Hackers 'can gain access to medical implants and endanger patients' lives'
09:45 GMT, 10 April 2012
It may sound like the plot of a modern thriller movie, but security researchers say many medical implants are vulnerable to cyber attacks that could endanger their users' lives.
An increasing number of patients are being fitted with devices such as pacemakers and insulin pumps to manage chronic conditions.
Vulnerable: Barnaby Jack shows how he can hack the insulin pump fixed inside a mannequin using a laptop and antenna
An expert has now warned hackers could gain remote control of such implants because they rely on unprotected wireless links to update them.
After gaining access to the device, a cyber criminal could then switch it off or tell it to deliver a dangerous dose of medicine to the patient, potentially killing them.
Researchers said although there hadn't been any known attacks to date, far more work is needed to protect implants from malicious actions.
Barnaby Jack, an analyst at security firm McAfee, has revealed how he was able to hijack a well-known make of insulin pump within two weeks by hacking its radio signals using a small antenna. He was also able to disable security alerts that warn the user something is awry.
He told the BBC: 'We can influence any pump within a 300ft range.
'We can make that pump dispense its entire 300 unit reservoir of insulin and we can do that without requiring its ID number.'
An ordinary insulin dose would be five to 10 units after a meal to regulate blood sugar. An entire cartridge would therefore spell deep trouble for the patient.
One problem medical firms face is that the devices can't be updated at present without being recalled, unlike laptops or mobiles that regularly receive security updates.
'These are computers that are just as exploitable as your PC or Mac, but they’re not looked at as often,' Mr Jack told Bloomberg last month.
'When you actually look at these devices, the security vulnerabilities are quite shocking.'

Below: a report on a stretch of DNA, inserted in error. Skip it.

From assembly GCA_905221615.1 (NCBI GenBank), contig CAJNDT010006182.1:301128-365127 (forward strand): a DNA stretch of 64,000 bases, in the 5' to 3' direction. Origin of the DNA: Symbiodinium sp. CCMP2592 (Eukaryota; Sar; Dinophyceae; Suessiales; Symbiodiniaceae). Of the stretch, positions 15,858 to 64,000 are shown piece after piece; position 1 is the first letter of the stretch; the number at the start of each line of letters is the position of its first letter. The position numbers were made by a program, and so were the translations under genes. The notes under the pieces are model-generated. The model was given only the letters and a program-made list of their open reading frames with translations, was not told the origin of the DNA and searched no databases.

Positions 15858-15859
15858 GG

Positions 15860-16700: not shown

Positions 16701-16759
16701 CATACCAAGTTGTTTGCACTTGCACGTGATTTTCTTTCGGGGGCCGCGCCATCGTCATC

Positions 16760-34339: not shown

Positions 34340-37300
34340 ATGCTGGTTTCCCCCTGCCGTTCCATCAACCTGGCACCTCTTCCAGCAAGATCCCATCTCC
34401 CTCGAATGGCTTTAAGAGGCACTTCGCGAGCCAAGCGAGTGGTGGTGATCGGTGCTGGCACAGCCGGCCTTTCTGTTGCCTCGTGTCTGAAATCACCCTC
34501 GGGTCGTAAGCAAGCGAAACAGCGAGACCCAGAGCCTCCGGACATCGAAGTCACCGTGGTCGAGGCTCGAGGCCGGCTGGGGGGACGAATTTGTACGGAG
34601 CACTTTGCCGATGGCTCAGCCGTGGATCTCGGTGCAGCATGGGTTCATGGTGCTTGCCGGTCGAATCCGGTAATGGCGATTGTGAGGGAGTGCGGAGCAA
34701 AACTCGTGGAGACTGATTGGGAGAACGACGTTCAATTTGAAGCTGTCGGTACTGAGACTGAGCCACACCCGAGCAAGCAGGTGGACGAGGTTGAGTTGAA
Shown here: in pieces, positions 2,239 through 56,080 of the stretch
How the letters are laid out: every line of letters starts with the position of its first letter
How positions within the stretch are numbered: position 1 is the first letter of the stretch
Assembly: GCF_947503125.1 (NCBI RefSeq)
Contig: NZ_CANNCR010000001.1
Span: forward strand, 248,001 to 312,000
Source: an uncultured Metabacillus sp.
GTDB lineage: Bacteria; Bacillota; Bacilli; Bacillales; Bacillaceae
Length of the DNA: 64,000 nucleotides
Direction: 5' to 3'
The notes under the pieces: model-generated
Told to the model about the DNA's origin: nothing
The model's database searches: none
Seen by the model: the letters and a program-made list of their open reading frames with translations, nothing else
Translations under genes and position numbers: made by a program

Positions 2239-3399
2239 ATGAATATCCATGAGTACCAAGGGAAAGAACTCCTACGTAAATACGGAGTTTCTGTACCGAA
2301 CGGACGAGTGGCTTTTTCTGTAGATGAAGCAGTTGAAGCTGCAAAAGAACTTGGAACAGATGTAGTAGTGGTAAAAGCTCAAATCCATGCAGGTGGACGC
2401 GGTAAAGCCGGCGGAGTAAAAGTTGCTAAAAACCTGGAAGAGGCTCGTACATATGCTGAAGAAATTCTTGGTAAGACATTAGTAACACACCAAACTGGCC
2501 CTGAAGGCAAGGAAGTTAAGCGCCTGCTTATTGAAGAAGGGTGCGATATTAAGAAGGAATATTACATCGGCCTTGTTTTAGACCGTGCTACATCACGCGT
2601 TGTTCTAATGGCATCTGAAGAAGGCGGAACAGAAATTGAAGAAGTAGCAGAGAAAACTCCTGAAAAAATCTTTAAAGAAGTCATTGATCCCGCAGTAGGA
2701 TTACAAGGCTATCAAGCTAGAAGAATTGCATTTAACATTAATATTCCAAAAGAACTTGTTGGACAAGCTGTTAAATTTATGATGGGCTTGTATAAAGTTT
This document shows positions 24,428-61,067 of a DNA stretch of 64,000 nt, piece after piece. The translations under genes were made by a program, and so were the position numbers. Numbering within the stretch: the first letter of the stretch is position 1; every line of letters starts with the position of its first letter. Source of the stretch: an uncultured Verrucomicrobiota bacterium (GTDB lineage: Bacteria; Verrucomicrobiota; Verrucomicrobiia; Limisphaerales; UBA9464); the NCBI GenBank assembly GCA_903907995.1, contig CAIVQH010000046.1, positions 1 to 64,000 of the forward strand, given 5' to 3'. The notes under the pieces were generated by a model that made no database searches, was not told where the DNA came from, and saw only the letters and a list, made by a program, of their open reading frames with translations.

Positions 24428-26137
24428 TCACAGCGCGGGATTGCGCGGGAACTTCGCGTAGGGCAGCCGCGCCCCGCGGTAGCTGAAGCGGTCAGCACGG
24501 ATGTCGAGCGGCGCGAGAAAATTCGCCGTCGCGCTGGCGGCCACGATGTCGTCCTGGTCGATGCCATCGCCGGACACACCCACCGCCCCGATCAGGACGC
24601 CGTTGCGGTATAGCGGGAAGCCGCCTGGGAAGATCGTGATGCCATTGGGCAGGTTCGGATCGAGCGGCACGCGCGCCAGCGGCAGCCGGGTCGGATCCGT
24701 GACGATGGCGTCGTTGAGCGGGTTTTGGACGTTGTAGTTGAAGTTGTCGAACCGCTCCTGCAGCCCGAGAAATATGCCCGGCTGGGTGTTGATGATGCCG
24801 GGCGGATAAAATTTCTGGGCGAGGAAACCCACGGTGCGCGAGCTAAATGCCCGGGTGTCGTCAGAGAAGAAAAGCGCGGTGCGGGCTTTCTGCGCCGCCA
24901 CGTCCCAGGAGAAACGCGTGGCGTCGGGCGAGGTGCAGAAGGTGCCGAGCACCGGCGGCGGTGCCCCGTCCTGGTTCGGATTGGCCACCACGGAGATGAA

Wireless: Pacemakers, as seen in this X-ray, could be switched off if successfully hacked
Mr Jack said medical companies had shown a complete lack of foresight into how vulnerable wireless medical devices could be.
However, the firm Medtronic, which produces one of the insulin pump models hacked by Mr Jack, said it was doing 'everything it can' to address security flaws.
'This is an evolution from having to think about security and safety as a healthcare company, and really about keeping people safe on our therapy, to this different question about keeping people safe around criminal or malicious intent,' Catherine Szyman, president of Medtronic's diabetes division, said.
Researchers from the University of Massachusetts have been working on improving the security of cardiac devices, since they discovered in 2008 that a defibrillator could be reset by a hacker to deliver a shock that might prove fatal.
Cybercriminals have yet to target medical implants, but researchers say this could happen in the near future
In August last year, Professor Kevin Fu revealed they had created a wearable 'shield' device that can emit a jamming signal when an active attacker establishes an
unauthorised wireless link between a pacemaker and a remote terminal.
If all broadcasting radio 'noise' on the implant frequency is blocked by a jamming device, it prevents the doctor as well as an attacker from receiving the data signals.
The 'shield' allows doctors to access the data but stops passive eavesdroppers and active attackers.
While it doesn't jam all signals, Professor Fu said it could block a sophisticated adversary until they were within five metres of a victim's implant.
In the UK, the Medicines and Healthcare products Regulatory Authority (MHRA) said they had yet to receive any reports of medical implant hacks.
'We closely monitor the safety and performances of all medical devices and take action to ensure the safety of patients,' a spokesman said.